Teen dating violence - what you can do

February is Teen Dating Violence Awareness Month! This effort raises awareness about domestic abuse and prevention in relationships between young adults across the country.

What is Teen Dating Violence (TDV)?

Teen dating violence, or TDV, comes in many forms. Technically, it is defined as physical, sexual, psychological, or emotional violence within a dating relationship, including stalking. Although TDV can occur in person with a current partner, it can also happen online or from a previous partner.

Some Facts about TDV:

  • Among high school students, 21% of females and 10% of males have experienced Teen Domestic Violence
  • While TDV can happen to anyone, girls between the ages of 16 and 24 experience the highest rate of TDV.
  • Nearly 1.5 million high school students across the country experience TDV every year
  • Anyone of any gender can be the victim or the abuser in a relationship

How to recognize abuse?

Dating abuse happens when one partner uses power and control over the other person in a relationship.  Abuse can take many forms and sometimes can be hard to identify. Abuse can be physical, emotional, sexual, financial, or even digital. This Power and Control Wheel helps lay out the different kinds of abuse teens may face. It is always important to remember that violence in a relationship is NOT normal. , Trust your gut if something feels wrong. Here is quizyou can take to help identify if you or someone close to you is in an abusive relationship.

What are the consequences of abuse?

There are serious long term and short term consequences of TDV. These include an increased chance for depression, anxiety, and substance abuse. Remember: Learning how to manage complicated emotions like anger and communicating with your partner are important aspects of a healthy relationship.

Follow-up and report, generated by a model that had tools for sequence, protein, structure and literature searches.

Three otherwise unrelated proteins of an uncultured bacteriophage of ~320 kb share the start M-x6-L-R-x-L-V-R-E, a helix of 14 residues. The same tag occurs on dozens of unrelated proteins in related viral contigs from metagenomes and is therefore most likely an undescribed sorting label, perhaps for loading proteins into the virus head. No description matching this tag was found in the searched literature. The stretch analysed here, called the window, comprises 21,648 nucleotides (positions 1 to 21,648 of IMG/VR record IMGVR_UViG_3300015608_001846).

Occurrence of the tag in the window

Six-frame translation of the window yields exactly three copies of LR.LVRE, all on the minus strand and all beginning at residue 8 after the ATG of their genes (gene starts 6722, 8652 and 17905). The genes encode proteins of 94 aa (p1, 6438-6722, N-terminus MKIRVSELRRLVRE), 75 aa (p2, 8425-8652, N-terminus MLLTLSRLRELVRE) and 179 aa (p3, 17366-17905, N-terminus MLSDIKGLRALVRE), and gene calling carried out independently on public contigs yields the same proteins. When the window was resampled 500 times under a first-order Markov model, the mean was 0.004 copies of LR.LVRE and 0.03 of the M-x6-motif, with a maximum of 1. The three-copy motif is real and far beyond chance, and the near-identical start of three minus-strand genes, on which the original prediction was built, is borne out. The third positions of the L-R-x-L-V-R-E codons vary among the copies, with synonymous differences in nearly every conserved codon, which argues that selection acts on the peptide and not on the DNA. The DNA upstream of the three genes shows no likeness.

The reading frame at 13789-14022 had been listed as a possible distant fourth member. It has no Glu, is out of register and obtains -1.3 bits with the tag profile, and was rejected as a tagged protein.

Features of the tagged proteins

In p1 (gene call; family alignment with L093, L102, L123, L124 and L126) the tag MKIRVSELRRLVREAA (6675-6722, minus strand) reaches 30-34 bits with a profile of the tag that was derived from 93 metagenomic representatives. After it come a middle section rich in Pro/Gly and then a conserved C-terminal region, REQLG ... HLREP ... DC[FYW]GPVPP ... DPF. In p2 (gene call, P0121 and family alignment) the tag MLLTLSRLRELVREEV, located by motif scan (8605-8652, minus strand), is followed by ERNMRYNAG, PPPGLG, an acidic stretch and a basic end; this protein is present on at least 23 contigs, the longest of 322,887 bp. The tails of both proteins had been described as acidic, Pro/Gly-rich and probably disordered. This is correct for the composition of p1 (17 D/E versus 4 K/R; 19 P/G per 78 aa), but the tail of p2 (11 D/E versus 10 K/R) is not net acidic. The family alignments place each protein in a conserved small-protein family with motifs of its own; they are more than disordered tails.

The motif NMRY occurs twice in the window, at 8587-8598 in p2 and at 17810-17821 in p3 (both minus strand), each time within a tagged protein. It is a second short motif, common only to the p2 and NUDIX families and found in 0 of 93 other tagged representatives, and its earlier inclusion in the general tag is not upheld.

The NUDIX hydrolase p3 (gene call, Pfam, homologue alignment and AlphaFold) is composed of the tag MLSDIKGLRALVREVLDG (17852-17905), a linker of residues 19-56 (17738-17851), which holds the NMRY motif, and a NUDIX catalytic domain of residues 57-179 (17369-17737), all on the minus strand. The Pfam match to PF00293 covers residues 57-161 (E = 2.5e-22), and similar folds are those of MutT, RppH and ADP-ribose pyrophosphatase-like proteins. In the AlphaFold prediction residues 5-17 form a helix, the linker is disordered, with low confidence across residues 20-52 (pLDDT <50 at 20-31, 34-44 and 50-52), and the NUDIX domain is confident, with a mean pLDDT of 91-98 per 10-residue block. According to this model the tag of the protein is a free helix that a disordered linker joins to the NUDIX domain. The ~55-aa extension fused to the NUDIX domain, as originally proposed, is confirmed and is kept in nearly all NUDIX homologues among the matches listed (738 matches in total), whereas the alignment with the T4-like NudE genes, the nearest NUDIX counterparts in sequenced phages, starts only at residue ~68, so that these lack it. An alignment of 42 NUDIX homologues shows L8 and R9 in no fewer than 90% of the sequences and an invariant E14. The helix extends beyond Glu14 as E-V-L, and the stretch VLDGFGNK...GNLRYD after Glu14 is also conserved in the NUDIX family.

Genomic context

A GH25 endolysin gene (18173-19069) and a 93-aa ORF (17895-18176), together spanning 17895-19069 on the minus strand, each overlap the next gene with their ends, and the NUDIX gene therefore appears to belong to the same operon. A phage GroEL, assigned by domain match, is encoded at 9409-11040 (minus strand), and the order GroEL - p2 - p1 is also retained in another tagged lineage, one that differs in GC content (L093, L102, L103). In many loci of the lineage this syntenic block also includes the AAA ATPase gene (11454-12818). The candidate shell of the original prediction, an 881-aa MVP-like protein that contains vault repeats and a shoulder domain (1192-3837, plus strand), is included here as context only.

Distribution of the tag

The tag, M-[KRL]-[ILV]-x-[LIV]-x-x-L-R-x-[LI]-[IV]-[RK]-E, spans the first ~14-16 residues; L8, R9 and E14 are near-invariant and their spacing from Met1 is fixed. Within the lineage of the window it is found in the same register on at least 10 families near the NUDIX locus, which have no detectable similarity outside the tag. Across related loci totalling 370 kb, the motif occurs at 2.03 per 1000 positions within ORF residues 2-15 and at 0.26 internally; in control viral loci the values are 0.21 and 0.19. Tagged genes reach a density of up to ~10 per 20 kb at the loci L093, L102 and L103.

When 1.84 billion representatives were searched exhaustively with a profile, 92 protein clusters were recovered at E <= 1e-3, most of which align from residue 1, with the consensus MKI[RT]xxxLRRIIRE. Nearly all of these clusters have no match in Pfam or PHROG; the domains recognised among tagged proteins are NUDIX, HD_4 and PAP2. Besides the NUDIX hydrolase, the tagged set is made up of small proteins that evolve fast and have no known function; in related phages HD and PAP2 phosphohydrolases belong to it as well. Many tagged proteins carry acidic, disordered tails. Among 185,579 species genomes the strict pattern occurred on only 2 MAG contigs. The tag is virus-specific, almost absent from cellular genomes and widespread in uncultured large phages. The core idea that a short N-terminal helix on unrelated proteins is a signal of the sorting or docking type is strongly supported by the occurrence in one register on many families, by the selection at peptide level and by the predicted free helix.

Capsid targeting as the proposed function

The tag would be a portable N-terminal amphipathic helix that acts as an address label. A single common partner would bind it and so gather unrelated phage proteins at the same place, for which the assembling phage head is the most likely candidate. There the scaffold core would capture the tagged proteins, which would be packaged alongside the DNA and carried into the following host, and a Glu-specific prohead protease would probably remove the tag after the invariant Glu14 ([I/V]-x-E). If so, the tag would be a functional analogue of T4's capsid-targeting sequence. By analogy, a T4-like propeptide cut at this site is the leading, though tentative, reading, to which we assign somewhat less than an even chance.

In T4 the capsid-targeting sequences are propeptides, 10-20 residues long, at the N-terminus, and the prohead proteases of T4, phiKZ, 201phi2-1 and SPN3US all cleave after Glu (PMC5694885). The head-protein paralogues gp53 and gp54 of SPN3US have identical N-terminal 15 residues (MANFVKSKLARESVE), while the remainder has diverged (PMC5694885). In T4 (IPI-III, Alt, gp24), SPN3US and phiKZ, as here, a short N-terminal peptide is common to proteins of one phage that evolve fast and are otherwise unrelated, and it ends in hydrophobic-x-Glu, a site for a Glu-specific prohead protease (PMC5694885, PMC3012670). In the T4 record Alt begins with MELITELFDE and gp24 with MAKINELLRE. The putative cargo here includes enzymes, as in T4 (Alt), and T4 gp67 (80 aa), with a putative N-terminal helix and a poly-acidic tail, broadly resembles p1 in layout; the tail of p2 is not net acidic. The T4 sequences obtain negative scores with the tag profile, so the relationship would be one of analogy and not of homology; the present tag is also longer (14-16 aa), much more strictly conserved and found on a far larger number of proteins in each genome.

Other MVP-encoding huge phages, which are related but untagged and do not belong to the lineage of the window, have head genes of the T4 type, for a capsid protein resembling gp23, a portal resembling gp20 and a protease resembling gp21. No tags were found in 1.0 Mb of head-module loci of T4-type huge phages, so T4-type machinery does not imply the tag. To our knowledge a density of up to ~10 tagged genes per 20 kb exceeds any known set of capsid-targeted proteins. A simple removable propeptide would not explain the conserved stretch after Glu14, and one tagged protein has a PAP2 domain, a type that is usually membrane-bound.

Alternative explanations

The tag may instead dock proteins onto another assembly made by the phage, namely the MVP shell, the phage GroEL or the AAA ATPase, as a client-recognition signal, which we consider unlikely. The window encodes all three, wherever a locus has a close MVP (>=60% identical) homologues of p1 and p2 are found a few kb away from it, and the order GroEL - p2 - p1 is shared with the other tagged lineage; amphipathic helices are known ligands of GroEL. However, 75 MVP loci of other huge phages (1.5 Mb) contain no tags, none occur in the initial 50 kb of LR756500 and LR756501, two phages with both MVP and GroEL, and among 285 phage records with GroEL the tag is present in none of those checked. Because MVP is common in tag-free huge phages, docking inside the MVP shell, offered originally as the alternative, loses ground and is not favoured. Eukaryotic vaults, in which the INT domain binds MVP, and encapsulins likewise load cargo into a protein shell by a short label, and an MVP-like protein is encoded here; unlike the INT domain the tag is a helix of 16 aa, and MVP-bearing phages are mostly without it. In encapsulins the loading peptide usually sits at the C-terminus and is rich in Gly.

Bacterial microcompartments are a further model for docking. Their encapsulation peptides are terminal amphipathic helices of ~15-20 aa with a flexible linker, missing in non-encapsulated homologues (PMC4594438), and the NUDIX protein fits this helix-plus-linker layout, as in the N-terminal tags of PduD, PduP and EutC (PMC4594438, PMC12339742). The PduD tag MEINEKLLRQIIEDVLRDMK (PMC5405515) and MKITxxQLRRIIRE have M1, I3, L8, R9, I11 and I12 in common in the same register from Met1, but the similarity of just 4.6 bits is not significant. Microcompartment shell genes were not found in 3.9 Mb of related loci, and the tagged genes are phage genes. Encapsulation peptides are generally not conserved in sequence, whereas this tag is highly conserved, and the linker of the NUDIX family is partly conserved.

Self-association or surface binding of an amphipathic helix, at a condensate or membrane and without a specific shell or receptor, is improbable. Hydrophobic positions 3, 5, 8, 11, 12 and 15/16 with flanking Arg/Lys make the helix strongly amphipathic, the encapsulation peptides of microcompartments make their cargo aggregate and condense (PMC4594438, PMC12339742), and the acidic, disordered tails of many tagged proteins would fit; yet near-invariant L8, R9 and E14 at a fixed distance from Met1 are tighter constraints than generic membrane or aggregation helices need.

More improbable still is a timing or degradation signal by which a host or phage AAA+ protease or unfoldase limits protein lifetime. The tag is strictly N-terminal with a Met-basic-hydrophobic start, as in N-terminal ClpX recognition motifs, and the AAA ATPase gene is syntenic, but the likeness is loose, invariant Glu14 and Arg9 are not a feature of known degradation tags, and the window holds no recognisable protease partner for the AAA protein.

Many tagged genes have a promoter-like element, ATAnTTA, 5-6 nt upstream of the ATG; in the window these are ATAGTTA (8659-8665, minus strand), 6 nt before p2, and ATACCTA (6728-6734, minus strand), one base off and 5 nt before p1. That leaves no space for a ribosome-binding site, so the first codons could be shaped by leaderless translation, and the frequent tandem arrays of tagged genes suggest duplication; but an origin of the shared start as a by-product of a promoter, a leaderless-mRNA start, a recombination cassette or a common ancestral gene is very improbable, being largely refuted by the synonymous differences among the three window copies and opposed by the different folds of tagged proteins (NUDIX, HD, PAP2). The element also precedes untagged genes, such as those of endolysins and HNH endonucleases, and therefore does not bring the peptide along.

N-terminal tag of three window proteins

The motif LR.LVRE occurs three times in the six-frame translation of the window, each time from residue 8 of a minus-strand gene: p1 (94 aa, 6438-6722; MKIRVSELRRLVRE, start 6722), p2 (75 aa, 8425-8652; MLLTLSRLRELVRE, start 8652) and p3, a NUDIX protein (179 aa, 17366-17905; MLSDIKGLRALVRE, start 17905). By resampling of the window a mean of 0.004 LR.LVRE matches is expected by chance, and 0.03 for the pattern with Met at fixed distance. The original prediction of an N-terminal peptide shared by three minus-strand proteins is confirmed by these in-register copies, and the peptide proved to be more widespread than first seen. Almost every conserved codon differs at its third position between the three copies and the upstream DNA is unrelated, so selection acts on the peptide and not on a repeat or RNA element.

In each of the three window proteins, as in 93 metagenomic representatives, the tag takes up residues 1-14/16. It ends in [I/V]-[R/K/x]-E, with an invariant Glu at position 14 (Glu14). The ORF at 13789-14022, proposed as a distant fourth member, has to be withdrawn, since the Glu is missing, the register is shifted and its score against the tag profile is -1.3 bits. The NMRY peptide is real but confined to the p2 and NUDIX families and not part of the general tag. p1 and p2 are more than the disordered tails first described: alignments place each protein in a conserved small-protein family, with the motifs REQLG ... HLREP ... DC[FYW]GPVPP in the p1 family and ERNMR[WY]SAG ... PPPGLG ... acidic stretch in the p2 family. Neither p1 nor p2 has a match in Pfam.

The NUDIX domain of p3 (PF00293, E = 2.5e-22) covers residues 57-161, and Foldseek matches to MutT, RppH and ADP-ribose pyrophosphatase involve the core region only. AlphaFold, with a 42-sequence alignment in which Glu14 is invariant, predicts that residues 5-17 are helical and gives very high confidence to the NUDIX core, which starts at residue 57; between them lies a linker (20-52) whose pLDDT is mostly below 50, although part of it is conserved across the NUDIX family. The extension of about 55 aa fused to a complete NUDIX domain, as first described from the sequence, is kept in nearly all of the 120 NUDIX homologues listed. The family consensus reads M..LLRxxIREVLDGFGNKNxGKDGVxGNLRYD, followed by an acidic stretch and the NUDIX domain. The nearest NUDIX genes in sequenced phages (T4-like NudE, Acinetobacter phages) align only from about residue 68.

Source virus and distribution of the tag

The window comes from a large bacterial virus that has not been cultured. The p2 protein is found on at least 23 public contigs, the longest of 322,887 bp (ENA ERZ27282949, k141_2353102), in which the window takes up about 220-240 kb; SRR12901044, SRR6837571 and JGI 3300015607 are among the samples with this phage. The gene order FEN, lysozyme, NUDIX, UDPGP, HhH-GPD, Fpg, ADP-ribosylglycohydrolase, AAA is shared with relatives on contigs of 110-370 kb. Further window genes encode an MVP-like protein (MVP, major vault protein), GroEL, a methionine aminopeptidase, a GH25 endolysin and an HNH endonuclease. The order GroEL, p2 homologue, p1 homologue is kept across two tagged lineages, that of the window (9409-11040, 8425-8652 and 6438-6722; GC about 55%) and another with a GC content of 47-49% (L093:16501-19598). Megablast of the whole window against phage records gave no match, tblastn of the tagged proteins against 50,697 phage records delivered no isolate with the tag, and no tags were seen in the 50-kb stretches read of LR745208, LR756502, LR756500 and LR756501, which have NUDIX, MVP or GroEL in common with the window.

What should I do if I think I’m in an unhealthy relationship?

It takes a lot of courage to acknowledge that you are in an unhealthy or abusive relationship. Remember that you are not alone and there are plenty of resources to help you out. Below is a list of some of these resources that can help you develop a plan.

Bottom Line

If you feel you or someone close to you is in an abusive relationship, help is available

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This blog was reposted from Teensource.org, a project of Essential Access Health. TeenSource.org is an online hub for comprehensive and teen-friendly information on birth control, STDs, relationships and teen’s rights to accessing sensitive services. The site features youth-developed blogs and videos, a clinic finder, a Condom Access Project and links to TeenSource social media where youth can stay updated on relevant sexual and reproductive health information and news. 

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